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My mother has a reverse mortgage on her home of 25 years and I have been living with her and taking care of her since she turned 82. She is 89 now and has Dementia, COPD and chronic Bursitis in her hips, lower back and shoulder. My greatest fear is that when she passes, I will be faced with coming up with $268,00 to pay the bank in one lump sum. I don't even have a savings account as I live on a fixed pension from Social Security which is under $2,ooo.oo a month.. Relatives and friends have already they don't have the room to house me and even my own immediate family does not want me to live with them. I am so sad and envision myself living in my beat up truck in my 70's and 80's if I live that long. I truly hope the good Lord takes me home after my mother passes. That is a terrible thing to say but I find no joy in living this lifestyle nor am I optimistic about the future. I guess I could always try to find work if my health holds up and I am not debilitated. Thank you.

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Under the newly revised federal rules for Reverse Mortgages, lenders must allow heirs up to 30 days to let them know what they plan to do and up to 6 mo to arrange financing for 95% of Fair Market Value (FMV) of RM’d house. FMV could be less than the balance due on the RM too. Heirs cost limited to 95% of FMV. RM's can apply to HUD for negative equity situation for federally backed RM.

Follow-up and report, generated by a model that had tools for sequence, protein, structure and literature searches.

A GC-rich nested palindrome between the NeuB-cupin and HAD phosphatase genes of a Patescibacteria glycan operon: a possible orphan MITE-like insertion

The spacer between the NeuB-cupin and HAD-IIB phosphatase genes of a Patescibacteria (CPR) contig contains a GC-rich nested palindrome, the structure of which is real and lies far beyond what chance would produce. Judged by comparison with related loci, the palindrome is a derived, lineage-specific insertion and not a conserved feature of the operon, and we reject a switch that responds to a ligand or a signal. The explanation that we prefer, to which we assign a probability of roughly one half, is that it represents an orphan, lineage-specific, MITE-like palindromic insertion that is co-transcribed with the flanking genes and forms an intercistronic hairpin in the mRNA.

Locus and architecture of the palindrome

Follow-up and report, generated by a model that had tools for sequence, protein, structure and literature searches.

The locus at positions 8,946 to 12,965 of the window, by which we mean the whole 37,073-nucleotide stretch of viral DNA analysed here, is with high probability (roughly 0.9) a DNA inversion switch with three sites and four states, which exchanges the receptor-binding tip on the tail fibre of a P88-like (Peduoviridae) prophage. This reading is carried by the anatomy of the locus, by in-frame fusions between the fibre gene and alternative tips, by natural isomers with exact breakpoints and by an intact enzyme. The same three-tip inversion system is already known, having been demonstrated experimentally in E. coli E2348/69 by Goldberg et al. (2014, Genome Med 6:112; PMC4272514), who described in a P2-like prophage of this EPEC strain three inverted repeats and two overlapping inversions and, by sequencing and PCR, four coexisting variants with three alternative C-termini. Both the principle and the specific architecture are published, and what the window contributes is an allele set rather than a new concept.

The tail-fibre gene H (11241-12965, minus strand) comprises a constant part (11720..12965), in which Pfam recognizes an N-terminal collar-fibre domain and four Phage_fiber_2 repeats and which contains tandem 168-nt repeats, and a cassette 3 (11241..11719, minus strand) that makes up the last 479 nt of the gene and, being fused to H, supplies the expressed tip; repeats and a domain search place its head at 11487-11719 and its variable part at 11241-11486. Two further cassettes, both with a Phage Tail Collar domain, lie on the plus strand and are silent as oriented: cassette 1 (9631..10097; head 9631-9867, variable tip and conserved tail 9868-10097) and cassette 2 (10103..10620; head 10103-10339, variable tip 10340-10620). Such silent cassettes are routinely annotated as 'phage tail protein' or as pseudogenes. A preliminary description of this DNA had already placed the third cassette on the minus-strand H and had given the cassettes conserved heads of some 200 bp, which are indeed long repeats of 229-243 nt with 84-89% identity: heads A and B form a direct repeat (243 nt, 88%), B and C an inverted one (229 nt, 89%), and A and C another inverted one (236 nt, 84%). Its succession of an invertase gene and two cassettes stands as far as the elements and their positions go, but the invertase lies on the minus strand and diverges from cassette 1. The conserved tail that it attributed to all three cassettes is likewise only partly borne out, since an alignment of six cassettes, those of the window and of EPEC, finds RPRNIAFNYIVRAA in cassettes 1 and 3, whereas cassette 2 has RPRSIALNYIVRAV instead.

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The choices are just not going to be simple. But you can take charge of all this.

About the RM, perhaps you could pay it off but you need to find out what the amount would be. Now the terms on federally backed RM changed last year and now the mortgage holder has to go through a specific lists of things to do to be in compliance for HUD. Under the newly revised fed rules, lenders must allow heirs up to 30 days to let them know what they plan to do and up to 6 mo to arrange financing for 95% of FMV of RM’d house. (you can stay in the house during that period of time too) If not, property can be foreclosed on &/or sold on the open market. There is no gray area, the RM has to be repaid. If it’s an FHA/HUD backed RM & house sells for less than owed, feds pay the difference to the mortgage holder (so you should never feel bad for the mortgage holder). Family does NOT have to make up the difference. But if you want to keep the house, you have to pay 95% of the FMV & NOT THE WHOLE RM amount due. This is very important to understand the difference.